How Long Does It Take to Charge an Electric Car?

Last updated: Apr 2021

Note: The following information applies mainly to North America.

How long does it take to charge an electric car? This is the question that many people, especially people trying to switch from gasoline cars to electric cars, ask.

Because compared with the fueling time of the gasoline car, the charging time is obviously much longer, which bothers a lot of people.

In this article, we will display the factors that affect electric vehicle charging time, and the charging time for the best electric cars in 2021.

We hope this article can alleviate some concerns you might have in switching gas cars to electric cars.

You can use our electric car charging time calculator to see the charge time of your EV both at home and on the road specifically.

Electric Car Charging Types

There are essentially three types of EV Charging: Level 1, Level 2, and DC Fast Charging.

  • Level 1 Charging

Every EV comes with a basic 120-volt Level 1 home charger, which can connect to the regular household outlet (110 volts in the USA). You can charge your electric car on that outlet, but it’s super slow, and it only charges at about 2 to 5 miles of range per hour.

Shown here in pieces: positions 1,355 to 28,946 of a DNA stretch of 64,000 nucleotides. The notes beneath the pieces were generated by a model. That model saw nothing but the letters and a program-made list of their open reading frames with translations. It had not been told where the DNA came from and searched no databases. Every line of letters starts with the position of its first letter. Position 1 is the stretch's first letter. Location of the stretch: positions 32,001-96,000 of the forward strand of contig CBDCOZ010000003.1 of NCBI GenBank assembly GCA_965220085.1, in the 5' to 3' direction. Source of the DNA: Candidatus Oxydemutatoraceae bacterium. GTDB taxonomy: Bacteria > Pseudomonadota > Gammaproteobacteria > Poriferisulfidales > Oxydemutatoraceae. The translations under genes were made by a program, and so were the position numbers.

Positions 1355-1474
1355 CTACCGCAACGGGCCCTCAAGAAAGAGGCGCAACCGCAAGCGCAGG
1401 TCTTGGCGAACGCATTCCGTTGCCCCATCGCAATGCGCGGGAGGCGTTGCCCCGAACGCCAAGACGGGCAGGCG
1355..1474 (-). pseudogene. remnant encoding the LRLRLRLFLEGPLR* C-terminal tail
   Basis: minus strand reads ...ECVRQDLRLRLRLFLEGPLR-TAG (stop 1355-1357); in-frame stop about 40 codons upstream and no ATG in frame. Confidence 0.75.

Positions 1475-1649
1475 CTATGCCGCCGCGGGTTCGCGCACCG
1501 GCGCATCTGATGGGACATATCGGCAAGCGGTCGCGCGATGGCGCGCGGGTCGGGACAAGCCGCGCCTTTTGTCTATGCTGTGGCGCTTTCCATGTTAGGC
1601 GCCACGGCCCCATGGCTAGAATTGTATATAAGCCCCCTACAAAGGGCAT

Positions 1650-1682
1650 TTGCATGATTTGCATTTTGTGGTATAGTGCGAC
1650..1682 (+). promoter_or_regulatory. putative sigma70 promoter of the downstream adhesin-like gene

Realistically speaking, only 40 miles of range, even less can be added every night when you use one of these chargers.

However, it’s not the fault of the EV or the charger. The home outlet is designed to deliver 12 amps of maximum continuous current. If you were to try to pull more power, the breaker would trip and protect the wires from melting or getting into fire.

Some people get away with this because they have a plug-in hybrid with a smaller battery, or they don’t drive a lot, but the vast majority of people want something faster.

  • Level 2 Charging

Most EV drivers will install a Level 2 charging station in their garage. The Level 2 units accept 240 volts and deliver 16, 24 amps, up to 48 amps of power. 32 amps is probably the most common power level for home charging stations.

They’ll deliver somewhere between 15 to 20 miles of range per hour up to 45 miles of range per hour, which is a significant difference in a significant upgrade from the 2 to 5 miles of range per hour that you can get on Level 1.

For that reason many people would prefer to install a 240-volt charging equipment in their garage or at their home.

  • Level 3 Charging

When you want to take a road trip and travel long distances, you need something even faster. That’s where DC fast charging comes in. These DC fast charging stations are much larger, much more powerful, and charge your car much faster.